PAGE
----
A multiracial community of activists began organising public meetings and rallies in the 1930s, paving the way for the Pan-African Congress of 1945, writes Daniel Whittall.
Prejudice often intruded into the private lives of non-white people in 1930s Britain. The Trinidadian George Padmore was relaying an experience familiar to many black people in London when he wrote in the US periodical the Crisis in 1938 that 'few Negroes in England, I imagine, have not passed through the bitter experience of looking for apartments and being told constantly: 'We do not take coloured people'. In five weeks of flat hunting the writer learned to find his way competently around London'.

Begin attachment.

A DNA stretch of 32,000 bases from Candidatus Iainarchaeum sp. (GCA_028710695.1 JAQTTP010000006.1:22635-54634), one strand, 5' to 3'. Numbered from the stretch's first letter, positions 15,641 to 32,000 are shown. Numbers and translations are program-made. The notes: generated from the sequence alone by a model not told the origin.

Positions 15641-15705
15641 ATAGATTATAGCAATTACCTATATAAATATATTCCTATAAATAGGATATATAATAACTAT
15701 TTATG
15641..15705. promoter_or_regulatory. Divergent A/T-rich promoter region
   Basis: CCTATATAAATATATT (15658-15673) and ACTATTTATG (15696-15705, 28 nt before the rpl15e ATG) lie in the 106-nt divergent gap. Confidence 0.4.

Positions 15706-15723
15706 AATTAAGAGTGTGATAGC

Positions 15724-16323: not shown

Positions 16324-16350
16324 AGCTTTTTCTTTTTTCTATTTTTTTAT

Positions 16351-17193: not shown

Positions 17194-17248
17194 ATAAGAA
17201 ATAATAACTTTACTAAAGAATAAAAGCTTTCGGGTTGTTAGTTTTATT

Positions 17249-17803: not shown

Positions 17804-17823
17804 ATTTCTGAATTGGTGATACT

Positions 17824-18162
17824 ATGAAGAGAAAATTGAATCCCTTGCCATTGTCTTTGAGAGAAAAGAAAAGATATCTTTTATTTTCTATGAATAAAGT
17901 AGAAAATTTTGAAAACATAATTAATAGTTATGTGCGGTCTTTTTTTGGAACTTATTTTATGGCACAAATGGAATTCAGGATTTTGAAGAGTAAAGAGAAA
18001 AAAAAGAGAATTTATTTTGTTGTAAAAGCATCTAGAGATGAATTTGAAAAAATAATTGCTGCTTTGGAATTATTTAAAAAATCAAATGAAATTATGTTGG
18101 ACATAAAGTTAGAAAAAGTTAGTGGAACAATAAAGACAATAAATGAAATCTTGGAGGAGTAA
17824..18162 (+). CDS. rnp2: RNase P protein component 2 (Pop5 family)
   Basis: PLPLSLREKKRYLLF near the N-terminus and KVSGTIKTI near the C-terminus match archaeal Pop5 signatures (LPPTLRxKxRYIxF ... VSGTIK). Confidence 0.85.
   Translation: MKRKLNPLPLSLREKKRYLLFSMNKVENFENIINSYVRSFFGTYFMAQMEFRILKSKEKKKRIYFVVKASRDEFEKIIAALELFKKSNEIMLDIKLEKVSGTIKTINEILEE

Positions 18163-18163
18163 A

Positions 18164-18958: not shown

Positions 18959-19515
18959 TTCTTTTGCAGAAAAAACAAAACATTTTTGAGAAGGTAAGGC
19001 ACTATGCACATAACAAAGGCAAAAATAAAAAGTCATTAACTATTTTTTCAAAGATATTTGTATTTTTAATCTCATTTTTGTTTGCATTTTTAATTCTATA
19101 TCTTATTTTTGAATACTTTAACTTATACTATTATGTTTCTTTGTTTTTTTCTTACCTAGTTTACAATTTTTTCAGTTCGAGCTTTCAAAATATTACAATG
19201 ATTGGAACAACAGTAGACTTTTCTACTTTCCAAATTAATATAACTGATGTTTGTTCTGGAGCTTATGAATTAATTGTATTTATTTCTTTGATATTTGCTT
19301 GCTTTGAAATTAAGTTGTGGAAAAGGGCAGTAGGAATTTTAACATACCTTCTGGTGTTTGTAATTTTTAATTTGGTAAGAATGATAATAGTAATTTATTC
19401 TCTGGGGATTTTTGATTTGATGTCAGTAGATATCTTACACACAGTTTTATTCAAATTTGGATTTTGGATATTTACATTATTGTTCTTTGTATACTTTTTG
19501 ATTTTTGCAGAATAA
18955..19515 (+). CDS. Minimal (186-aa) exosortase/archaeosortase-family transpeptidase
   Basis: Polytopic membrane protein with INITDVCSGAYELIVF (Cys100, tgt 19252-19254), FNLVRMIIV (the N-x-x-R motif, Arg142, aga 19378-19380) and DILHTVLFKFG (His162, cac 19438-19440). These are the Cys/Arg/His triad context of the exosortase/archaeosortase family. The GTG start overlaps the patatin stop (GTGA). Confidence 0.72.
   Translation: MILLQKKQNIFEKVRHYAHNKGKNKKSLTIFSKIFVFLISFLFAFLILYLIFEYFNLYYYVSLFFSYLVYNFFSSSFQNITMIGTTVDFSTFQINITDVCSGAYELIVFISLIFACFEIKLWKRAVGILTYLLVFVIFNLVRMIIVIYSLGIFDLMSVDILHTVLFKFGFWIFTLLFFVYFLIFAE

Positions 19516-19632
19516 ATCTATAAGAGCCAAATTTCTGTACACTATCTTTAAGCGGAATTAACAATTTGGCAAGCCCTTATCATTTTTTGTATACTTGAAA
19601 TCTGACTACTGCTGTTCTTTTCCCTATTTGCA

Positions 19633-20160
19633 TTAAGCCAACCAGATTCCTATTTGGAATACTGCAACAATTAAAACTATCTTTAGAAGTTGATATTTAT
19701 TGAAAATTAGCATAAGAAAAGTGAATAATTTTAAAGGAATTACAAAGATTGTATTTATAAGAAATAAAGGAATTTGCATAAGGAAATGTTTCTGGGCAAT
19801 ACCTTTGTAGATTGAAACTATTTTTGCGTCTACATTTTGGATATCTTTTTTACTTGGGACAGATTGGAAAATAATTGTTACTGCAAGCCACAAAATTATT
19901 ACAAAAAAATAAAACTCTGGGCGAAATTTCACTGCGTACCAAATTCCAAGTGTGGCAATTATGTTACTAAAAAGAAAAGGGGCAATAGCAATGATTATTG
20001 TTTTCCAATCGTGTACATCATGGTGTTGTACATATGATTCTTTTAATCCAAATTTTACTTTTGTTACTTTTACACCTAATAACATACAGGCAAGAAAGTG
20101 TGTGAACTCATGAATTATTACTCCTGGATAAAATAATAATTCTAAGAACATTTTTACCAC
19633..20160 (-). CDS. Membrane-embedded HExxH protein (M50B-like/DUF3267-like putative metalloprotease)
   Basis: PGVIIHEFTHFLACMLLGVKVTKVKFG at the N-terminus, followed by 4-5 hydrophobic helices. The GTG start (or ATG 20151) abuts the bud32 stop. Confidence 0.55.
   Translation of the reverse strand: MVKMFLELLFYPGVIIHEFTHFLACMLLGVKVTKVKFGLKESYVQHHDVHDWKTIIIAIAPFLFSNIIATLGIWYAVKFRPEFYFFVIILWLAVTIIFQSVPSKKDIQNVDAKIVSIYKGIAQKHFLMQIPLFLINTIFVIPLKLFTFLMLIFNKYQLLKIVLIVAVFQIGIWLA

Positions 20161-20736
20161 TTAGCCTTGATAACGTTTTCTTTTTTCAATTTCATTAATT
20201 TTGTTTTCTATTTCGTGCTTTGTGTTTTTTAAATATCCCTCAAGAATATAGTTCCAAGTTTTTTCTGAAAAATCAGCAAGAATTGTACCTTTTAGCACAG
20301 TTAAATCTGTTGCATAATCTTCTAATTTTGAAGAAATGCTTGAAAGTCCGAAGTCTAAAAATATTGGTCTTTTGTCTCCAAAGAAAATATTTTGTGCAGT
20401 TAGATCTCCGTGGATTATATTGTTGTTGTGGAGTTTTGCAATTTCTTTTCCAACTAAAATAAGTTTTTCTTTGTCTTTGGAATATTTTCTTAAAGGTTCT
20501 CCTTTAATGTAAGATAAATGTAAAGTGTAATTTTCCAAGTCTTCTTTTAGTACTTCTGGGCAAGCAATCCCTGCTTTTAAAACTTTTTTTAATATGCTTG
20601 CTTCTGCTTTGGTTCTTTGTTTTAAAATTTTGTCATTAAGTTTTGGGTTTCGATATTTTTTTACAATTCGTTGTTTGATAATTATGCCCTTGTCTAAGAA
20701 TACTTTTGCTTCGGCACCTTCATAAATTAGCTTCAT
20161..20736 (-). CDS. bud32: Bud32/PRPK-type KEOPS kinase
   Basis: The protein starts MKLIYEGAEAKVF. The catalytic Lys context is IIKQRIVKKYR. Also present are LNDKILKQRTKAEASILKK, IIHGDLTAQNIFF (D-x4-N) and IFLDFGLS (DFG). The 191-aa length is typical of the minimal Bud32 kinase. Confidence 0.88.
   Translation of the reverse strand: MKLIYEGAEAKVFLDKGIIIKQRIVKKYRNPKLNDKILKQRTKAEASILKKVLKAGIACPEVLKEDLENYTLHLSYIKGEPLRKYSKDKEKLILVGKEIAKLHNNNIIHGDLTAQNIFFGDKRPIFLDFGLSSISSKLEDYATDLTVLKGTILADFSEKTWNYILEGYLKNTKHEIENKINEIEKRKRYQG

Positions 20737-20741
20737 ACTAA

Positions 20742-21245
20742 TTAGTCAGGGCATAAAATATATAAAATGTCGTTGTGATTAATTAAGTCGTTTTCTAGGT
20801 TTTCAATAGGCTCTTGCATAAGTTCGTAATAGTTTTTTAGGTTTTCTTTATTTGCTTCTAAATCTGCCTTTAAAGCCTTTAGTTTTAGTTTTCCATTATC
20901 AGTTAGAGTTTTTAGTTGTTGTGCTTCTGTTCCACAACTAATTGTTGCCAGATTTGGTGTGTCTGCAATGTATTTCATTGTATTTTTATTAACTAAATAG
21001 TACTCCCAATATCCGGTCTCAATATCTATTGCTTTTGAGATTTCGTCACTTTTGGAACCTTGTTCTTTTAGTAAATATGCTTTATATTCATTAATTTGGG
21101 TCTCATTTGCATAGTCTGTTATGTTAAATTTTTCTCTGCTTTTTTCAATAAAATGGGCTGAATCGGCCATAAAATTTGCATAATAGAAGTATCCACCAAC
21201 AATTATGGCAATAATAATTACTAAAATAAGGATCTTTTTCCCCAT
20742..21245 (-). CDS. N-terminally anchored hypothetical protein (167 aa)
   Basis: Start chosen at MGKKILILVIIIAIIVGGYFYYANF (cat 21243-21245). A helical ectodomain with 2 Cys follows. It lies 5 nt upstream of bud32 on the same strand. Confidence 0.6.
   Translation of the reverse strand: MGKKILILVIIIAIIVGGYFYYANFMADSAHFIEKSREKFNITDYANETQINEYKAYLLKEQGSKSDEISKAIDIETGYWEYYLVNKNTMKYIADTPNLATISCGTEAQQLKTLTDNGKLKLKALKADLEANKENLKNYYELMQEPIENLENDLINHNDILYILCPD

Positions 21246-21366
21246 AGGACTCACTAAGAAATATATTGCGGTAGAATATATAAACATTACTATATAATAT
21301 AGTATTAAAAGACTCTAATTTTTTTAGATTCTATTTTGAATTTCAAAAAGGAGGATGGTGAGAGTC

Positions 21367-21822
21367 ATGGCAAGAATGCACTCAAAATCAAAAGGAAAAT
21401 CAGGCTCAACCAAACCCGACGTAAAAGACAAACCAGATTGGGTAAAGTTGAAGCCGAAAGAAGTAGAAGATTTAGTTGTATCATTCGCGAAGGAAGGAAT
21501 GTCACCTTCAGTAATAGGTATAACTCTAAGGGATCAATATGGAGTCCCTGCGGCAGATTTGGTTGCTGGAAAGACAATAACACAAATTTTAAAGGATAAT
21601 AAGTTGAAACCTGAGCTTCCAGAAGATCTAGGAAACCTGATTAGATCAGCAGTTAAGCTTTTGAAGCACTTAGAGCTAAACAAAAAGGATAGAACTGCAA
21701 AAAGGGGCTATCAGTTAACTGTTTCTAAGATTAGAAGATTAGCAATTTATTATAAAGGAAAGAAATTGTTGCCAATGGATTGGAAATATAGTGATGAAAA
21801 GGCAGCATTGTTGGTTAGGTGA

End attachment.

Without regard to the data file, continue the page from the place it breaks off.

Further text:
In the face of such prejudice, some black activists made it their priority to ensure that they raised public protest against such practices, bringing questions of race and racism into public view and attempting to situate them at the heart of debates around world politics. The impulse to speak out publicly in order to confront racism was one of the driving factors in the flourishing network of organisations, periodicals and public gatherings led by black activists, which blossomed in the 1930s. Indeed, thanks in part to the contribution of non-white activists, that decade can be seen as the one in which an anti-racist social movement that had long been gathering momentum first began to break into wider public view.